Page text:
thirteen ways of lookingThirteen Ways of Looking, by Colum McCann

The next day, I was back in another signing queue, this time at Politics and Prose for Colum McCann. I love his so writing so much that I wrote a scene in my novel in which the characters disucss Let The Great World Spin – one of my all time favourites. I got to tell him that, too. I have heard great things about Thirteen Ways of Looking – unsurprisingly – and I’m looking forward to reading this. I’m also quite excited about it being a novella and three short stories, because I’m having trouble finishing novels at the moment.

DC Trip, by Sara Benincasadc trip

While I was waiting for the Colum McCann signing queue to go down, I wandered around the store, and scared some fellow customers by squealing “That’s not supposed to be out yet!” when I spotted Sarah Benincasa’s DC Trip on the shelves. I’be been looking forward to it for months – it’s about a group of schoolkids who come to DC on a school trip – and since it’s not out as an ebook yet, I sprung for the hardback. Which is probably better anyway since that way I will have something for her to sign when she does her event at Busboys and Poets on publication day. I’ve read half of it already – in two days – which is fast going for me

OUTBOX

Still shamefully empty…

PENDING

So many. So many. Starting to despair that I will ever finish another book. Thank goodness for DC Trip, which has temporarily yanked me out of my reading slump.

Claire’s Week in Books: 11th – 18th October 2015

My reading slump continues to dog me, but at least this week I’ve written about books, even if I haven’t read them all that much.

4 x 4: ways to get an agent and what’s great about having one

IMG_3506My first even Book Riot post! I am so excited, and even more excited that I got to write about one of my very favourite books.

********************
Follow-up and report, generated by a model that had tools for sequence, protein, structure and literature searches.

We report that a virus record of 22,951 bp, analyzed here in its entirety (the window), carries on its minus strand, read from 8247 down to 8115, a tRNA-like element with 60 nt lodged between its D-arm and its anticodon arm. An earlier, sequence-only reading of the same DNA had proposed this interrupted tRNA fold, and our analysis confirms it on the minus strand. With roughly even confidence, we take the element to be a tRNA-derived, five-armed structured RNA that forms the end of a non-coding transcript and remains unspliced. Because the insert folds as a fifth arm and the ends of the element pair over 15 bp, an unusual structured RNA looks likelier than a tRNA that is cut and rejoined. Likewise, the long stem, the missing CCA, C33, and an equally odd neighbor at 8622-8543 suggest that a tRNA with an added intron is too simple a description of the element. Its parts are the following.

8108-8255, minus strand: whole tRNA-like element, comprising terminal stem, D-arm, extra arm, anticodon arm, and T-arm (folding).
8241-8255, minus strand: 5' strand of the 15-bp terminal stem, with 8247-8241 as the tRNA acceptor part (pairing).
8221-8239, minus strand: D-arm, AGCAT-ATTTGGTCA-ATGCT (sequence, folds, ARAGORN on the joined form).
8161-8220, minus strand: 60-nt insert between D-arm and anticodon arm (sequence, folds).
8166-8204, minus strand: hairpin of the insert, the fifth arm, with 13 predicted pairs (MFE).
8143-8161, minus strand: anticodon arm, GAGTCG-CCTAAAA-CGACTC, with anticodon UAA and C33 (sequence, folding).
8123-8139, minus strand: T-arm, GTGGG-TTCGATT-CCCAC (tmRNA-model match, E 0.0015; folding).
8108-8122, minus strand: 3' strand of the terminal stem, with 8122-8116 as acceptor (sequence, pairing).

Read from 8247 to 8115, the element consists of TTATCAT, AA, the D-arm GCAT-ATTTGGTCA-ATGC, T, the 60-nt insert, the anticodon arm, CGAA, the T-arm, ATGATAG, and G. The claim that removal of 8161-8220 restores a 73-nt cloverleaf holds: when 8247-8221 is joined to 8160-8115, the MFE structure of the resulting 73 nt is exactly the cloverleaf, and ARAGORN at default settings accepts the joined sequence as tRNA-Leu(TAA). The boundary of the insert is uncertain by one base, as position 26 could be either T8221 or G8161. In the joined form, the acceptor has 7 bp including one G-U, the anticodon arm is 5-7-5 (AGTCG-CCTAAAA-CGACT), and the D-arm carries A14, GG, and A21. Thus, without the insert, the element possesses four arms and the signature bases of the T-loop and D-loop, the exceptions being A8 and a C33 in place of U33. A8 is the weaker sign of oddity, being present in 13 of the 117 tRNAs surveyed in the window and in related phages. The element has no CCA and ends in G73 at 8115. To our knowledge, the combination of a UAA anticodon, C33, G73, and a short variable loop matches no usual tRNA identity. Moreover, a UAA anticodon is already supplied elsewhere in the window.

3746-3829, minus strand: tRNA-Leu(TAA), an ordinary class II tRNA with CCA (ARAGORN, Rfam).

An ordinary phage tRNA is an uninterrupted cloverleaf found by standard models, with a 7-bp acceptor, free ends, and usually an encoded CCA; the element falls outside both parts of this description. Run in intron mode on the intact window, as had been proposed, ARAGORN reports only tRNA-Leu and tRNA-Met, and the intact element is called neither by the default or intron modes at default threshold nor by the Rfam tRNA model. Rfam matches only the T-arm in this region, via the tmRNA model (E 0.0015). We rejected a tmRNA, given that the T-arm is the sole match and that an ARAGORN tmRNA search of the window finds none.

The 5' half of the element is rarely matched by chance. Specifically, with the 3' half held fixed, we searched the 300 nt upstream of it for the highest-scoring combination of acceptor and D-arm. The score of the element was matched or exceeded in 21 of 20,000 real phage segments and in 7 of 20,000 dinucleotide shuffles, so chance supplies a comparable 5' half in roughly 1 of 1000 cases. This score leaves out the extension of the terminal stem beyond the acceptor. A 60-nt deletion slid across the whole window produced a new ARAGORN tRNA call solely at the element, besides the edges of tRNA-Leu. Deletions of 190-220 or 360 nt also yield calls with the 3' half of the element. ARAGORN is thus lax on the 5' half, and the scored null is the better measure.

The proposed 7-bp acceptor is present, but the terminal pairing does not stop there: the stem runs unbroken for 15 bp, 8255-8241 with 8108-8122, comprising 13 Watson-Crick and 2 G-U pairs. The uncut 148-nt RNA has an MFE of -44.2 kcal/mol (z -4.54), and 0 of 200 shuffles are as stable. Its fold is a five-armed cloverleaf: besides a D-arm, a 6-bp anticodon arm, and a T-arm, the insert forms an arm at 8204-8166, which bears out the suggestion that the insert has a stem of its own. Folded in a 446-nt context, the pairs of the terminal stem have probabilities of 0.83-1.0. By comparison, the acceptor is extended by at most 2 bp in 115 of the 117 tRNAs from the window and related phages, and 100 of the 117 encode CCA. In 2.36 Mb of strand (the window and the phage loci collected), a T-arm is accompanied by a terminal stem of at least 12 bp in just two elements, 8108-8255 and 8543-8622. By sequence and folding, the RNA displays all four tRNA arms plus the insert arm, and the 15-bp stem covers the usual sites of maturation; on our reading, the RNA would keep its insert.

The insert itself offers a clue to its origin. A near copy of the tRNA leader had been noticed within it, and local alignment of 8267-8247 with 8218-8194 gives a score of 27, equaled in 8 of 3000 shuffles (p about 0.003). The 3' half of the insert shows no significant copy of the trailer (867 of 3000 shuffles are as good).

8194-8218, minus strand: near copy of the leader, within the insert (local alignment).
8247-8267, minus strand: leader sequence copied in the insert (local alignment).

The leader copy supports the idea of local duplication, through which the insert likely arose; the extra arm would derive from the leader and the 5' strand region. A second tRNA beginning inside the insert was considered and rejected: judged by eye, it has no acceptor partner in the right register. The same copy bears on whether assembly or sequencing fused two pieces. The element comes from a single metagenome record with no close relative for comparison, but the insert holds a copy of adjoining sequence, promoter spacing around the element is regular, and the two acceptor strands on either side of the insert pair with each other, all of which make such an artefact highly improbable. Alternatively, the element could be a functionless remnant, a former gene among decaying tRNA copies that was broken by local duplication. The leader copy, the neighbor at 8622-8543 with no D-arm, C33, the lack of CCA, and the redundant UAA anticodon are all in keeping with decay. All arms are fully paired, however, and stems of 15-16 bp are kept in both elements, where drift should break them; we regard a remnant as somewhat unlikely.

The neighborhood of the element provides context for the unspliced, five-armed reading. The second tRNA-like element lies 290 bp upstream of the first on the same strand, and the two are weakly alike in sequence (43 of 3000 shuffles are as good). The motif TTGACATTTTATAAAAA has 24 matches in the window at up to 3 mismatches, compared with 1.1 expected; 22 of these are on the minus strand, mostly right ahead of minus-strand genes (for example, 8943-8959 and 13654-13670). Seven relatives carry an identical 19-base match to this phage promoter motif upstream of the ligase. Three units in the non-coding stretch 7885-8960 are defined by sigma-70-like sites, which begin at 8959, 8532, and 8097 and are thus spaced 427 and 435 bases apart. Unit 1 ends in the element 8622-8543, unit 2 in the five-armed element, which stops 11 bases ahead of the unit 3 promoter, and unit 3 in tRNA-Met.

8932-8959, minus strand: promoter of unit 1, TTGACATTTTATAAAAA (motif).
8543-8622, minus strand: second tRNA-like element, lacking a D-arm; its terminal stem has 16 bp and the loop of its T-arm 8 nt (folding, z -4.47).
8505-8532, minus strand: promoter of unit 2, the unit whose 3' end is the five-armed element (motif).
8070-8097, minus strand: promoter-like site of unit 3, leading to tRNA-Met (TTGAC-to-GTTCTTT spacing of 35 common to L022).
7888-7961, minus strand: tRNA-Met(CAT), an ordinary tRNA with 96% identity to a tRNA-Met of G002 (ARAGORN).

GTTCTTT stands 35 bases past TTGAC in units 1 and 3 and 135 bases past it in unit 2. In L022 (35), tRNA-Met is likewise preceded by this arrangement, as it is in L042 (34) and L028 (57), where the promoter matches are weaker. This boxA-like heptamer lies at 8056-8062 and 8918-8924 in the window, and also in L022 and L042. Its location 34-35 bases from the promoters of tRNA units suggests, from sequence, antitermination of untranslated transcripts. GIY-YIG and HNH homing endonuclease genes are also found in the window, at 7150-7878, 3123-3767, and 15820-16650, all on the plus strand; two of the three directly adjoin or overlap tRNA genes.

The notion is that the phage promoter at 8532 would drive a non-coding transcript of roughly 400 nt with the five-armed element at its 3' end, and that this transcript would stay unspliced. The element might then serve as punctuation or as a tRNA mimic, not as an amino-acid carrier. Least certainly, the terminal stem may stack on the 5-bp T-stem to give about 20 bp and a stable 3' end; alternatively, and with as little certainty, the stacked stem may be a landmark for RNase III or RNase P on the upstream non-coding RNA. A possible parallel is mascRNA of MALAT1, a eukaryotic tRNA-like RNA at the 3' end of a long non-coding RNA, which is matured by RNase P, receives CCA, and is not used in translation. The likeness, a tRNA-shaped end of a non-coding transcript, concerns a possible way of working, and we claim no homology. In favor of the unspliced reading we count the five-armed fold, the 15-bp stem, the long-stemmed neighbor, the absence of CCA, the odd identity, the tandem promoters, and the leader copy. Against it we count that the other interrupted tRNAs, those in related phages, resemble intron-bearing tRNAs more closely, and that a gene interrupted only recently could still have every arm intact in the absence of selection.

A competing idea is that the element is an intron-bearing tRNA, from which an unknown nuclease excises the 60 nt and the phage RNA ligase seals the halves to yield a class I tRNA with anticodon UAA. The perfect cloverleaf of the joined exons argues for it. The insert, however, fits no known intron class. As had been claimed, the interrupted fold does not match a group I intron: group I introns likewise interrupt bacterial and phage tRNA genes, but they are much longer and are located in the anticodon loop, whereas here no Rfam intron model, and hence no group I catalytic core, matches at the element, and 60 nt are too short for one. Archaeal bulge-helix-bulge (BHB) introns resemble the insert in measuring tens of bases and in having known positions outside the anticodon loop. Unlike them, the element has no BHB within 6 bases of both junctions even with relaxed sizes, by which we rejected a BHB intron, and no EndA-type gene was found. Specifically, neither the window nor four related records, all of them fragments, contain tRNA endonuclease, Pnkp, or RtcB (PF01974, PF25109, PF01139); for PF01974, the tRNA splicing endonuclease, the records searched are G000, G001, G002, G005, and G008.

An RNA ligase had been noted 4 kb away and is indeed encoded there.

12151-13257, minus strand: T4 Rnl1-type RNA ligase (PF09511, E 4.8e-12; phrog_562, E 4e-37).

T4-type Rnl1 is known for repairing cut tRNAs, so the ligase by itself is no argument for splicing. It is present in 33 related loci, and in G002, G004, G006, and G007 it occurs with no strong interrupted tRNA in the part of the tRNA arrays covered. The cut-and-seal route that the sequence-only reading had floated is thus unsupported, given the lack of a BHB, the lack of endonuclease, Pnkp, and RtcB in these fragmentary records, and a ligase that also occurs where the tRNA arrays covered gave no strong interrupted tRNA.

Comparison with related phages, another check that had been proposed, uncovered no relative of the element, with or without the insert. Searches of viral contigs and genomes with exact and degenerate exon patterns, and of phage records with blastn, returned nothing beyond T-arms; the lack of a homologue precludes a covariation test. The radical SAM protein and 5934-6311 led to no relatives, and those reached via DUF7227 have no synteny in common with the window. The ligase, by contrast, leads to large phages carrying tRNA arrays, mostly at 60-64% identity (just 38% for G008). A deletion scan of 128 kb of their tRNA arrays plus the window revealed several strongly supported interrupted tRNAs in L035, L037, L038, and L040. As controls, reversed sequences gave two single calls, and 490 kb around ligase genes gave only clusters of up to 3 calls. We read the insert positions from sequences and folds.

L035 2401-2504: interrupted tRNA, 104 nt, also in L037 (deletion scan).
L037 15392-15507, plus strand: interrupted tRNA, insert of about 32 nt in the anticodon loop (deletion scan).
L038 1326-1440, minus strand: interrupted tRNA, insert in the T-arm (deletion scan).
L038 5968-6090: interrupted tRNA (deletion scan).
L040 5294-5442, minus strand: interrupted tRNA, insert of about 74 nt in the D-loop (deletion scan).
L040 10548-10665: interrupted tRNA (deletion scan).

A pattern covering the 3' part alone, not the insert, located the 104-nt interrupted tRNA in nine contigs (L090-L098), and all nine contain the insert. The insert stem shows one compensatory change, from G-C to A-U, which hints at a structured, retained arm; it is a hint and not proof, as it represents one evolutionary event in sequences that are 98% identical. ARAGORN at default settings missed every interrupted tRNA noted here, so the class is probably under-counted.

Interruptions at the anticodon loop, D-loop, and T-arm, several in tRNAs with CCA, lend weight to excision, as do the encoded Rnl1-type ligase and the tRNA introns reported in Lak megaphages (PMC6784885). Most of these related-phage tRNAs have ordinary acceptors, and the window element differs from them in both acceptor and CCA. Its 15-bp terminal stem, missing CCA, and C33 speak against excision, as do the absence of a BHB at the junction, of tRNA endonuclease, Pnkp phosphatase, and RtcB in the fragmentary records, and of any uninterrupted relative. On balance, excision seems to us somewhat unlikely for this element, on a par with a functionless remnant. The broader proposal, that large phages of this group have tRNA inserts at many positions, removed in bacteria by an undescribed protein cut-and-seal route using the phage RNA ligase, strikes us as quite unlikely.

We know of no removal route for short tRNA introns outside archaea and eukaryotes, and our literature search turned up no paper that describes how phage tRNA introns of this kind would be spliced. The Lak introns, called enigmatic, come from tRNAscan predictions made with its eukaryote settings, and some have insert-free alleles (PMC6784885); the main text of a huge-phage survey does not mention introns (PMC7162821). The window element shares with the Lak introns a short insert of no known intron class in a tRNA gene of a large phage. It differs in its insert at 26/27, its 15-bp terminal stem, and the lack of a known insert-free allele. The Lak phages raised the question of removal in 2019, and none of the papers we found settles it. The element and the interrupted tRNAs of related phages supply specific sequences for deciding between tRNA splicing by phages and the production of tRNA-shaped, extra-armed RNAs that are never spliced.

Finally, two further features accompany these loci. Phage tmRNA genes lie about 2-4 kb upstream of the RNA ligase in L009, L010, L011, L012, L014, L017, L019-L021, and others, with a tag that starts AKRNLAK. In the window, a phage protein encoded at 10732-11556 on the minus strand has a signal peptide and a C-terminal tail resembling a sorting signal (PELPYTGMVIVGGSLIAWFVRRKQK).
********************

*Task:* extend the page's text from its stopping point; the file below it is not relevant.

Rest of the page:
Political campaign novels

chocolate warsBooks about chocolate

And, most excitingly! The List App. It’s better than Twitter, Facebook, or Instagram. It’s the best new app/social network ever. And I’ve written some bookish lists – including one about podcasts, which got featured. Achievement unlocked. Come and join me! I’m BookishClaire over there.

As to what I’m reading…

INBOX:

God is Closer Than You Think, by John Ortberg 

I’ve read this before, eleventeen times, but it’s a great refresher – easy to read and full of soul feeding truth .

What do You Think of Me? Why do I care? Answers to the Big Questions of LIfe, by Edward T Welch

A brand new (to me) book given to me by a lovely friend at Church. I think this, too, is going to do me good.

OUTBOX:

Shamefully empty.

IN THE QUEUE:

I started reading Bret Anthony Johnston’s Remember Me Like This for work purposes, but I really want to finish it now! It starts where many novels about disappearing teenagers end: Justin comes home. And the family readjusts. Or not. It’s psychologically insightful, and beautifully written in places, but also quite dense so I’m finding it hard to wade through at the moment. Could be just me, though. It probably is. The author, by the way, was incredibly gracious and giving of his time when I interviewed him for my piece.

remember me

Claire’s Week in Books: 28th Sept – 4th Oct

My biggest book news is really life news. My little novel goes out on submission from my agent to editors this week! Eek. I’m excited, nervous, terrified, and getting ready for another round of the emotional roller coaster I am familiar with from my agent-querying days (are those really behind me? Still seems too good to be true!).